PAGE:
around 2,000.
   The African Language department this year began to
    offer Somali language courses on a limited basis
   Few departments and centers on campus have
    organized programming or services to specifically
    address the Somali population
   Research has also been slow to start regarding the
    Somali population
    Why is Ohio State behind?

 Compared to the University of
  Minnesota and Columbus State, Ohio
  State is behind in addressing the
  needs of Somali students and
  recruitment of Somali students to
  attend.
 Why?
         OSU Student’s Involvement
   I believe that a lot of the lack of services and
    programming at Ohio State stems from students
    having a low interest in the population.
   Prior to the creation of this student organization the
    only organization that was looking at issues of
    immigrant populations in Columbus were individual
    ethnic groups such as the Somali Student Association
   Why doesn’t the average OSU student care about
    the Somali population?
Why do OSU Students have a lack of
           interest?
   Many students are flat-out unaware of the population.
       Most of the Somali population lives in Northeast Columbus
        and if students are not driving to these areas they might not
        be aware
   Stemming from the lack of awareness, there are few
    University sponsored programs and information given to
    OSU students about the Somali population
   Some students may not realize the significance of the
    population, i.e. that the population will most likely be a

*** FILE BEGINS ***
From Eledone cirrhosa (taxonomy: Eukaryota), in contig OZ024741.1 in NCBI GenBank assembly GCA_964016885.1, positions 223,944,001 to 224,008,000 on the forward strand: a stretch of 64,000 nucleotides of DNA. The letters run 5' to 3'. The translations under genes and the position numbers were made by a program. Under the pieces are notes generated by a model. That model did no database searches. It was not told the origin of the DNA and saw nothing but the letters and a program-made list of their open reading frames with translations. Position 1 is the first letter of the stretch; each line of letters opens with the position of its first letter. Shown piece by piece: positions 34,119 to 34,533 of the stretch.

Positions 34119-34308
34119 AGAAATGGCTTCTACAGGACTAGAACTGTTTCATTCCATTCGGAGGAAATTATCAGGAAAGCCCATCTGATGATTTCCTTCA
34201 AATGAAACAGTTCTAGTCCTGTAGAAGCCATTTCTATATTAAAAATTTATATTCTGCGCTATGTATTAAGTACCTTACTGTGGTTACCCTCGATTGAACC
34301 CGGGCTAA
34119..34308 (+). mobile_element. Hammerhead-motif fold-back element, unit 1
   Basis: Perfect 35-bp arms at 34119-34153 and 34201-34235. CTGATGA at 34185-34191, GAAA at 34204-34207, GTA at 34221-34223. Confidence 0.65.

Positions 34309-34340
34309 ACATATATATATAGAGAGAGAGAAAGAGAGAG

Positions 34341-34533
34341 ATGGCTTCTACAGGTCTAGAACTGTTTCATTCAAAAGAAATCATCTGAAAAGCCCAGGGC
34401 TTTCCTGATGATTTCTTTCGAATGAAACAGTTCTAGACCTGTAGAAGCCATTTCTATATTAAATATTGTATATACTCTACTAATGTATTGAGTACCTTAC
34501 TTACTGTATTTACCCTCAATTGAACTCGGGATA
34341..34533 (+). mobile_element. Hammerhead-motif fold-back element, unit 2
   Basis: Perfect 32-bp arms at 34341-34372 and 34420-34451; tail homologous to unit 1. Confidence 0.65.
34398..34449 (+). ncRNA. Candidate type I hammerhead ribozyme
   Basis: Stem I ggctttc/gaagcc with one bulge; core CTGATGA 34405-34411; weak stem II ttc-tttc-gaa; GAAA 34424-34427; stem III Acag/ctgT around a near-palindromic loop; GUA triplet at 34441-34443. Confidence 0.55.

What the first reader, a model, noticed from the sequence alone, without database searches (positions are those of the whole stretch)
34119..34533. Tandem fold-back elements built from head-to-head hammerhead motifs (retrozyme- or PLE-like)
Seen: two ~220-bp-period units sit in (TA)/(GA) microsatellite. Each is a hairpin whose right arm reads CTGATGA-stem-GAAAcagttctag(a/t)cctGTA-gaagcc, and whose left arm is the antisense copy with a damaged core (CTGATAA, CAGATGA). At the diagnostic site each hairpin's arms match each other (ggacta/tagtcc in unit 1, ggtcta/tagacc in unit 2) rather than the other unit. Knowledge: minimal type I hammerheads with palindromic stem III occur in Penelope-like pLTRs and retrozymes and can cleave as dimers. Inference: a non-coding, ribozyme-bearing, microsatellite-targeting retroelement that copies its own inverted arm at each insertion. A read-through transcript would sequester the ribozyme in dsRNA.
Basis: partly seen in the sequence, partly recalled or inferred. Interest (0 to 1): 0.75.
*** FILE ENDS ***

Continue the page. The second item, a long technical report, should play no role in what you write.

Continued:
part of their future if they chose to remain in Columbus
        Students for Community Cultural
                   Awareness
   I created this organization this year to address these
    concerns.
   Many OSU students are interning, working, and
    volunteering in Columbus and are unaware of the
    population.
   SCCA’s purpose is to promote cultural awareness of the
    Somali population for several reasons:
     Promoting cultural diversity and tolerance
     Increasing the professional development of OSU students
     Increasing OSU’s attractiveness for Columbus
      immigrant/refugee population high school students
What Next?
   Next year SCCA will be hosting the following
    events:
     Autumn  Quarter- Film screening series during the months
      of September, October, and November, membership
      drives
     Winter Quarter- Working with Somali refugees,
      professional development conference
     Spring Quarter- What does it mean to be a refugee?
      Informational session
   Fundraising for the Friends of Dadaab
                   The Big Picture
   The purpose of SCCA is to increase cultural awareness
   The only way that can be achieved is by having
    students, faculty, and staff work together to ensure that
    Ohio State values immigrant populations in Columbus
    and is working on promoting cultural awareness as well
    as increased access to OSU
   What can you do to help?
     Join the SCCA
     Attend New American Initiative programs

     Encourage OSU to welcome the population
THANK YOU FOR YOUR TIME!

IF YOU HAVE ANY QUESTIONS
OR FEEDBACK PLEASE DO NOT
HESITATE TO ASK!
Contact:
My e-mail address: smith.5215@osu.edu
Organization’s address: s4cca@yahoo.com
Organization’s web-site: www.geocities.com/s4cca